◆ Rhodium has surged 30% in January to the highest levels since 2008 and has risen more than 12 fold in less than four years from $575 per ounce to nearly $8,000 per ounce
◆ Rhodium is now 5 times more costly than safe haven gold and 440 times more expensive than the industrial and store of value precious metal, silver, making it the world’s most expensive precious metal today
◆ The precious metal used in technology and industry has built on the gains seen in recent years due to a supply crunch. There is significant demands as stricter emissions rules have boosted demand for catalytic conductors in the auto industry and due to the limited supplies from South Africa, Russia and Zimbabwe which are vulnerable and could be cut off
◆ This month’s gains also came after investors turned to precious metals, seeking a haven from Middle East tensions and pushing palladium up about 9% and gold made strong gains prior to correcting lower
◆ Despite already surging more than 12 fold in price in four years, commodity analysts and traders say the metal could top the record nominal high of $10,000 per ounce seen in 2008
◆ The recent surge in rhodium and palladium to multi year highs and all time record highs respectively will likely be seen by platinum, safe haven gold and particularly silver in the coming months
Palladium’s great start to the year pales in comparison to its lesser known, but much more expensive sister metal, rhodium.
Rhodium — mainly used in autocatalysts and five times more costly than gold — surged 31% already this month, touching the highest since 2008. Stricter emissions rules have fueled a multiyear rally and there’s speculation that investors are also jumping in, betting that prices will climb toward a record.
Rhodium rallied 12-fold in the past four years, far outperforming all major commodities, on rising demand from the auto sector. Like palladium, the metal is mined as a byproduct of platinum and nickel, but it is a much smaller market and so is liable to big price moves when supply or demand changes.
“Rhodium is subject to crazy volatility,” said Anton Berlin, head of analysis and market development at Russia’s MMC Norilsk Nickel PJSC, which mines about 10% of all rhodium. Supplies are tight and speculators stepped up buying metal after large industrial users secured volumes late last year, he said.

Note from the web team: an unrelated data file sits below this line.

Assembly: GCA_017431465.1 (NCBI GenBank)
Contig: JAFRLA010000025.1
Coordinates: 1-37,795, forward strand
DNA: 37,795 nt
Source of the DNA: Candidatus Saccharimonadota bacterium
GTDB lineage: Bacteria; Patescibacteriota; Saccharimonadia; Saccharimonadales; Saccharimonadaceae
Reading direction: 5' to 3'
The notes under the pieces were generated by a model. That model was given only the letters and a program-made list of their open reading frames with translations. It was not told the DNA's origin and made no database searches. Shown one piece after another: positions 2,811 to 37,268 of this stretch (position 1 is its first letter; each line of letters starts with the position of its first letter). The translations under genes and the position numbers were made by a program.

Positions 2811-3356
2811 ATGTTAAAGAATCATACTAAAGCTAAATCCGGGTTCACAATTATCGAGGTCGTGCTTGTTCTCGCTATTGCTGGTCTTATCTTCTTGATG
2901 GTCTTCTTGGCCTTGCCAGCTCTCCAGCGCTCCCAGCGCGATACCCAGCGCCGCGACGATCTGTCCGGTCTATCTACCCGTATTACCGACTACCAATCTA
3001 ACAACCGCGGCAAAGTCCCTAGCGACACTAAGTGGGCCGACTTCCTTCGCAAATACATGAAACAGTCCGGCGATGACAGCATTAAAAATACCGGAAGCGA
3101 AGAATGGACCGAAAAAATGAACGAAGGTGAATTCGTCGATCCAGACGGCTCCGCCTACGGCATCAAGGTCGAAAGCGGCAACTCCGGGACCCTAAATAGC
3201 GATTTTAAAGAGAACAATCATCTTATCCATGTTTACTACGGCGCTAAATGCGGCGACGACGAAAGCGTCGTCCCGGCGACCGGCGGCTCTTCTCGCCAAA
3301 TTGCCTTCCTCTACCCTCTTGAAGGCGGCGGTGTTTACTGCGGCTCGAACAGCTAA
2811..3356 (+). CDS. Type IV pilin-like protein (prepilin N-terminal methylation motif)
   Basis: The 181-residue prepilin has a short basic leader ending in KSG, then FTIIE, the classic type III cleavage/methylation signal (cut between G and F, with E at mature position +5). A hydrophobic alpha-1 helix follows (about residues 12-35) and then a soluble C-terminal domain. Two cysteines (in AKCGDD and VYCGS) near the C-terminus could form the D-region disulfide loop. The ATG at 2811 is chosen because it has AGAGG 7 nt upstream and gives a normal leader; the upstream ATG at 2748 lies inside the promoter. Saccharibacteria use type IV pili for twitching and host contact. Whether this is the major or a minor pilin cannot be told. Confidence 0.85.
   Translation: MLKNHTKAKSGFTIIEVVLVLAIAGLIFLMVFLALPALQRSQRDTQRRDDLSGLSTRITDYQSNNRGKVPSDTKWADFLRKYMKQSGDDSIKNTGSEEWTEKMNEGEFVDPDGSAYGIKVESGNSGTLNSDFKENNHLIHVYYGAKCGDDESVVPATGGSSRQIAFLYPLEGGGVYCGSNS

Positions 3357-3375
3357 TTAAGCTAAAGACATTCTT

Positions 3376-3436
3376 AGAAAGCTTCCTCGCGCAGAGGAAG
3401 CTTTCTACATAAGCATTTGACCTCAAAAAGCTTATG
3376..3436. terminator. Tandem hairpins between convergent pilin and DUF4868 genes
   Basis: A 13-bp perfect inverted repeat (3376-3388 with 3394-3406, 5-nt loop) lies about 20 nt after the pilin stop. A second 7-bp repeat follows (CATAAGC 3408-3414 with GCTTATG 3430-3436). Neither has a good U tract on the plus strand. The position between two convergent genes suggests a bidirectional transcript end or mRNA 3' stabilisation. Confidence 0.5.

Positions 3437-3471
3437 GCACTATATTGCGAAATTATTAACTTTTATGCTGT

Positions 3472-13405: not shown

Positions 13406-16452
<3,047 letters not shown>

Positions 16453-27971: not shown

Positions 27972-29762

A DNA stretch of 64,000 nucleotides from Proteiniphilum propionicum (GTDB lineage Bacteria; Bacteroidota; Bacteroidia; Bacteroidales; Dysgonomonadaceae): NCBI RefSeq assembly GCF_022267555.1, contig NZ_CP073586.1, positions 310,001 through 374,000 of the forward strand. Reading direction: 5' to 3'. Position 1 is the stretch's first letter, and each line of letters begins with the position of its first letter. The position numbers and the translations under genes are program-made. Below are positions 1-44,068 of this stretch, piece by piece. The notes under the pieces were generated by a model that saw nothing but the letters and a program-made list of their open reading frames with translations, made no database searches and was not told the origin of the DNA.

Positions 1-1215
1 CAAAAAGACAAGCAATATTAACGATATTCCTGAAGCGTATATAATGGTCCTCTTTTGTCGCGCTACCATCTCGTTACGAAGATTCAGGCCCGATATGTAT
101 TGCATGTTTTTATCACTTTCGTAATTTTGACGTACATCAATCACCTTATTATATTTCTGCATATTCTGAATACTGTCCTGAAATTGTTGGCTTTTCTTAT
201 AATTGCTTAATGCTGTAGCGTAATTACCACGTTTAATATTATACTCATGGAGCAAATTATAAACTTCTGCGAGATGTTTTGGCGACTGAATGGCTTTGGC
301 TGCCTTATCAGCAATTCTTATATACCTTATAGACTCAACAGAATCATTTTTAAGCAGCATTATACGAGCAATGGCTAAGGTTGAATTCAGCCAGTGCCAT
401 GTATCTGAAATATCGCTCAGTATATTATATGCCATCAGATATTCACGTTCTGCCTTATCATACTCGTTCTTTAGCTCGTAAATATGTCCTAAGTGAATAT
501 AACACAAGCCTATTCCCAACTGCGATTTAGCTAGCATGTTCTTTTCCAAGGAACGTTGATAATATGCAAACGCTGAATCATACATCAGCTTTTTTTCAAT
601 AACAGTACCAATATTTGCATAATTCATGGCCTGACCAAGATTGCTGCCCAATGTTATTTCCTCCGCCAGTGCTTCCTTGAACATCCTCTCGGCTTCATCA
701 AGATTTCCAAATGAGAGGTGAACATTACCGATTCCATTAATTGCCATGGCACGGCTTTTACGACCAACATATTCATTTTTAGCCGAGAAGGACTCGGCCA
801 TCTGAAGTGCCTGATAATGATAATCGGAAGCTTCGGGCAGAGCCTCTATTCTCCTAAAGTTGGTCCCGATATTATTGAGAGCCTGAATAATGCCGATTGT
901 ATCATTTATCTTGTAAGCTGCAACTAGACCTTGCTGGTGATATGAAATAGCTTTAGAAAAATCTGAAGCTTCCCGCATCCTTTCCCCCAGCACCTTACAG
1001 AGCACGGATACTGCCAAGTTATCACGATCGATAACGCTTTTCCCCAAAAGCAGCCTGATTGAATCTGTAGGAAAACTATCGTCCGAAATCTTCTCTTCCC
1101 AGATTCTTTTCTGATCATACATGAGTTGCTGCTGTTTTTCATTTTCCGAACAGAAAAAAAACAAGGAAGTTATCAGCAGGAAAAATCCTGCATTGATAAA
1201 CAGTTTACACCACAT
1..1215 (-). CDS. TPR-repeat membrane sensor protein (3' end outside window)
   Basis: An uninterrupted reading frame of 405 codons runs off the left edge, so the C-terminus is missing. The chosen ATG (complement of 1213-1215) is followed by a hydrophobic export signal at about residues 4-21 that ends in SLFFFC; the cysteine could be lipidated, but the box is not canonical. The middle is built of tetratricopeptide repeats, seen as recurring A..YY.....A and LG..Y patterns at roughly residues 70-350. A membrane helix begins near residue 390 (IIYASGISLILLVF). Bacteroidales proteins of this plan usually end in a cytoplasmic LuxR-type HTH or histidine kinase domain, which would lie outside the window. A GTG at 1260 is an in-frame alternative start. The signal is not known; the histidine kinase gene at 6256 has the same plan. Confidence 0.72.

Rhodium was at $7,925 an ounce by Monday, according to Johnson Matthey Plc. This month’s gain also came after investors turned to precious metals, seeking a haven from Middle East tensions and pushing palladium up about 9%.
Best of the Best
Rhodium outperformed other commodities last year
“The main driver by the beginning of January was physical demand from Asia, which might be also automotive related,” said Andreas Daniel, a trader at refiner Heraeus Holding GmbH. “Buying triggered more buying and in an unregulated market the effect was massive, with a price move which is only seen maybe every 10 years.”
Demand cooled late last week, according to Daniel. Prices hit $8,200 on Wednesday, before retreating a bit in the following days.
Although pullbacks are possible this year, rhodium could top the record $10,100 set in 2008, according to Afshin Nabavi, head of trading at refiner MKS PAMP Group in Switzerland. Still, those lofty prices a decade ago prompted autocatalyst makers to switch to platinum and palladium, which are also used for cleaning emissions.
It’s much harder to invest in rhodium than in other precious metals. It isn’t traded on exchanges, the market for bars or coins is tiny compared with gold or silver and most deals are between suppliers and industrial users. Global production is equal to little more than a 10th of platinum or palladium output.
Rhodium’s usage is a fraction of demand for other precious metals
Higher rhodium prices are good news for South African producers, which account for more than 80% of global output. Gains in platinum-group metals and a weak rand helped a stock index for the nation’s miners to triple in the past year, reaching the highest since 2011.
But South Africa’s dominance also means production risks hang over the market. Power shortages last year temporarily interrupted some mining operations and there have been long mine strikes in previous years by workers wanting higher pay.
South Africa mines most of the world’s rhodium
NEWS & COMMENTARY
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Trade deal could be less than market hopes: ‘Tariffs have now become a roach motel’
NY Fed will continue repo offerings into February, reducing term operations
Europeans to trigger Iran nuclear deal dispute mechanism
GOLD PRICES (USD, GBP & EUR – AM/ PM LBMA Fix)
14-Jan-20 1544.95 1545.10, 1190.69 1188.49 & 1387.83 1389.35
13-Jan-20 1550.35 1549.90, 1194.54 1192.96 & 1394.85 1393.52
10-Jan-20 1548.80 1553.60, 1185.45 1189.28 & 1395.78 1399.64
09-Jan-20 1547.85 1550.75, 1186.89 1188.49 & 1393.99 1396.14
08-Jan-20 1582.85 1571.95, 1206.13 1197.35 & 1421.87 1412.87
07-Jan-20 1566.50 1567.85, 1190.85 1197.05 & 1402.80 1406.52
06-Jan-20 1576.85 1573.10, 1198.09 1197.29 & 1408.44 1406.51
03-Jan-20 1547.40 1548.75, 1182.37 1184.48 & 1389.57 1387.99
02-Jan-20 1520.55 1527.10, 1151.36 1161.51 & 1358.46 1366.91